Is Fast Food Getting Any Healthier?

Is Fast Food Getting Any Healthier?

Lauren Diffendarfer

by Lauren Diffendarfer

Medical Educator

posted on Mar 4, 2015, at 9:48 pm


IT’S QUICK, EASY, ACCESSIBLE, CHEAP AND TASTY. It’s the world of fast food, and Americans continue to consume the classic combo meals everyday. In today’s hurried society, often a trip to McDonald’s or Wendy’s are the only options during a 30-minute lunch break. While consuming a greasy burger every once in a while won’t kill you, eating abundant amounts of fast food has contributed to the rising obesity epidemic that Americans are currently facing.

image of burgers french fries other fast food itemsAccording to Rashad, the readiness and inexpensiveness of these fast food chains has caused Americans to consume more and has made them less active. The obesity epidemic has increased rapidly, especially during the 1980s, partially due to the expansion of fast food restaurant chains in America. Let’s face it – the majority of Americans are now overweight. So, is fast food getting any healthier?

According to the 2013 Fast Food Facts, children’s meals options have become increasingly healthful since 2010 with the additional options of nutritious sides and beverages. From 2010 to 2013, several restaurants like McDonald’s, Subway, Burger King and Taco Bell added about 70 more menu items to their menu. The ratio of generally healthy vs. unhealthy choices, however, remained around the same compared to the menus of previous years. Furthermore, dieticians found that less than half of the added menu items actually adhered to all nutrition criteria.

According to a study directed by the U.S Department of Agriculture Cardiovascular Nutrition Laboratory, the average caloric, sodium and saturated fat content of 21 of the most popular fast food items remained the same over the past 17 years. On the other hand, levels of unhealthy trans-fats (from French fries specifically) decreased over the course of the study. Why?

Many of the fast food companies are choosing to fry their potatoes in cooking oils containing less saturated fat. Prior to McDonald’s switching their frying oil to pure vegetable oil in 1990, the infamous McDonald’s fries were deep-fried in 7 percent cottonseed oil and 93 percent beef tallow, giving the fries their distinctive taste. In an effort to reduce the startling amounts of saturated fats, McDonald’s began frying their potatoes in pure vegetable oil in the 90’s, and adding the “natural flavor” of beef to the recipe (Schlosser, 120).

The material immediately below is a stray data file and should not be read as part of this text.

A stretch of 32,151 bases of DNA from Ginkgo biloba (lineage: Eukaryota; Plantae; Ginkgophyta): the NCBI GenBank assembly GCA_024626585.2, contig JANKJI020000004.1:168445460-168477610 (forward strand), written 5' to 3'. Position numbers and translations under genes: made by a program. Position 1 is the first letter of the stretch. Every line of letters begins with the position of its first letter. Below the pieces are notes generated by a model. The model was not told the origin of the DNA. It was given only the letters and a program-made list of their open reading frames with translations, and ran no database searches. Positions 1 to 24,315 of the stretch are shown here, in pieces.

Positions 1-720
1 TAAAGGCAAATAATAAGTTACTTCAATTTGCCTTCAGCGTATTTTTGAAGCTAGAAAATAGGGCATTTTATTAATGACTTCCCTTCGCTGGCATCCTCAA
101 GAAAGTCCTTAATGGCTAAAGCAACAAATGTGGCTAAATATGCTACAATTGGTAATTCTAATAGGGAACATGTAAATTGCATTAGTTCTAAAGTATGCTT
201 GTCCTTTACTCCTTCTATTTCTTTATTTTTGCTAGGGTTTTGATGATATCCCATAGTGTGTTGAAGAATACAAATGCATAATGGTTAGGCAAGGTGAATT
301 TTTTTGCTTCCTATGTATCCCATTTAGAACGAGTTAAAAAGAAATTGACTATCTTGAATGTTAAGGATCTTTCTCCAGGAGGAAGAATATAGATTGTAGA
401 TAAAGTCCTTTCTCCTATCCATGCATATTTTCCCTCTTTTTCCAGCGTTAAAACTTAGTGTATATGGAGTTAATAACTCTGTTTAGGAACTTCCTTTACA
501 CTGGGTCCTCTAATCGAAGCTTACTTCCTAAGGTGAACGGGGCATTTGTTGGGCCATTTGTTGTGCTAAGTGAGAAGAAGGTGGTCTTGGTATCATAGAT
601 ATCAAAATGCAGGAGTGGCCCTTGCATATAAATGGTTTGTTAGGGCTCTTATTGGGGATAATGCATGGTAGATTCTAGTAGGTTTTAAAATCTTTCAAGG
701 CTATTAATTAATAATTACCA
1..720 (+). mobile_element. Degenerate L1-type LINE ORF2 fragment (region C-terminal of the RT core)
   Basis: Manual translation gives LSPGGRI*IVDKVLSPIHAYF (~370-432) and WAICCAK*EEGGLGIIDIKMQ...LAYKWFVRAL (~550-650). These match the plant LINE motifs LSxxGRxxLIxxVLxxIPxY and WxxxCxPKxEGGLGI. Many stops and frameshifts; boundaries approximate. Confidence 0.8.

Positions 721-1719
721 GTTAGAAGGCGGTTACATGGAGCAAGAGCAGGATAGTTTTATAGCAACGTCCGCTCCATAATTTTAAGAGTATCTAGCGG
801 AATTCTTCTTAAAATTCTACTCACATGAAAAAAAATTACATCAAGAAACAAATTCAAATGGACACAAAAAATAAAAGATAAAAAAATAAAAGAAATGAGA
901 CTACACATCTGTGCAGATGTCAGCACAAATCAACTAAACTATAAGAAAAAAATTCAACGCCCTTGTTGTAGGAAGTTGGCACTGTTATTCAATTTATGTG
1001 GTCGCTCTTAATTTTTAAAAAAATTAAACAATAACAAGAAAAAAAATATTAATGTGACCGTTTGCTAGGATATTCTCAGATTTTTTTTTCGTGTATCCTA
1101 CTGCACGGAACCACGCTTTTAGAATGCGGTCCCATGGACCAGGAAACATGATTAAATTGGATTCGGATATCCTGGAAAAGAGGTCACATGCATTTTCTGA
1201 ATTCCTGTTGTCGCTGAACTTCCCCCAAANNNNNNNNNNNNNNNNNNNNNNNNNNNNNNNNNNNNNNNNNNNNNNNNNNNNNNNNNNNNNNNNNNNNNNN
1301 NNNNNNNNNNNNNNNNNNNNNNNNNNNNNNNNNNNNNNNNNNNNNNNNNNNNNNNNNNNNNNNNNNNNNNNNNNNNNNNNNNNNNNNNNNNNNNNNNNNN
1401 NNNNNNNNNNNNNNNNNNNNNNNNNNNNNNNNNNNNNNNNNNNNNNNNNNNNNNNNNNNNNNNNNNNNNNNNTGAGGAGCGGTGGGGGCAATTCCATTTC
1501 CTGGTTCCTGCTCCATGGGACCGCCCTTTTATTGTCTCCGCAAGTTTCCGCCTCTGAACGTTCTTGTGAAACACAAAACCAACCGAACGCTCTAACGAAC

You can certainly still indulge in a side of fries every so often, but which options are the healthiest? According to WebMD, the French fries lowest in calories and fats were from Sonic and McDonalds, while the fries highest in calories were from Carl’s Jr. and Arby’s. Many restaurants offer nutrition menus in-store or online as well to track your caloric and fat intake.

While many fast food chains are beginning to feature more healthy options, researchers argue that the fast food industry can certainly do more to help the obesity epidemic in America by doing little things, such as decreasing portion size and reformulating their foods by incorporating more natural nutrients, which can be done in a variety of ways, such as using lean cuts of meat and cutting down the amount of added salt.

We want to know: What’s your favorite fast food healthier option?


Schlosser, Eric. Fast food nation: The dark side of the all-American meal. Houghton Mifflin Harcourt, 2012.

Rashad, Inas, Michael Grossman, and Shin-Yi Chou. The super size of America: an economic estimation of body mass index and obesity in adults. No. w11584. National Bureau of Economic Research, 2005.

About Lauren

Lauren works as the Medical Educator for the Disque Foundation and has worked closely with us since 2014. She is a full-time student pursuing a BS in Biology at Indiana University as a recipient of the Chick Evans Caddy Scholarship and hopes to attend medical school to become a physician in the future. She is certified in Cardiopulmonary Resuscitation, Basic Life Support, Advanced Cardiac Life Support and Pediatric Advanced Life Support, and she is also a certified Basic Life Support Instructor for the American Heart Association. She stays heavily involved with health care in and out of her local community, helping plan and coordinate Disque Foundation events, teaching lifesaving skills to the communities and organizations that we serve and volunteering at her hometown hospital in the Birthing Unit.

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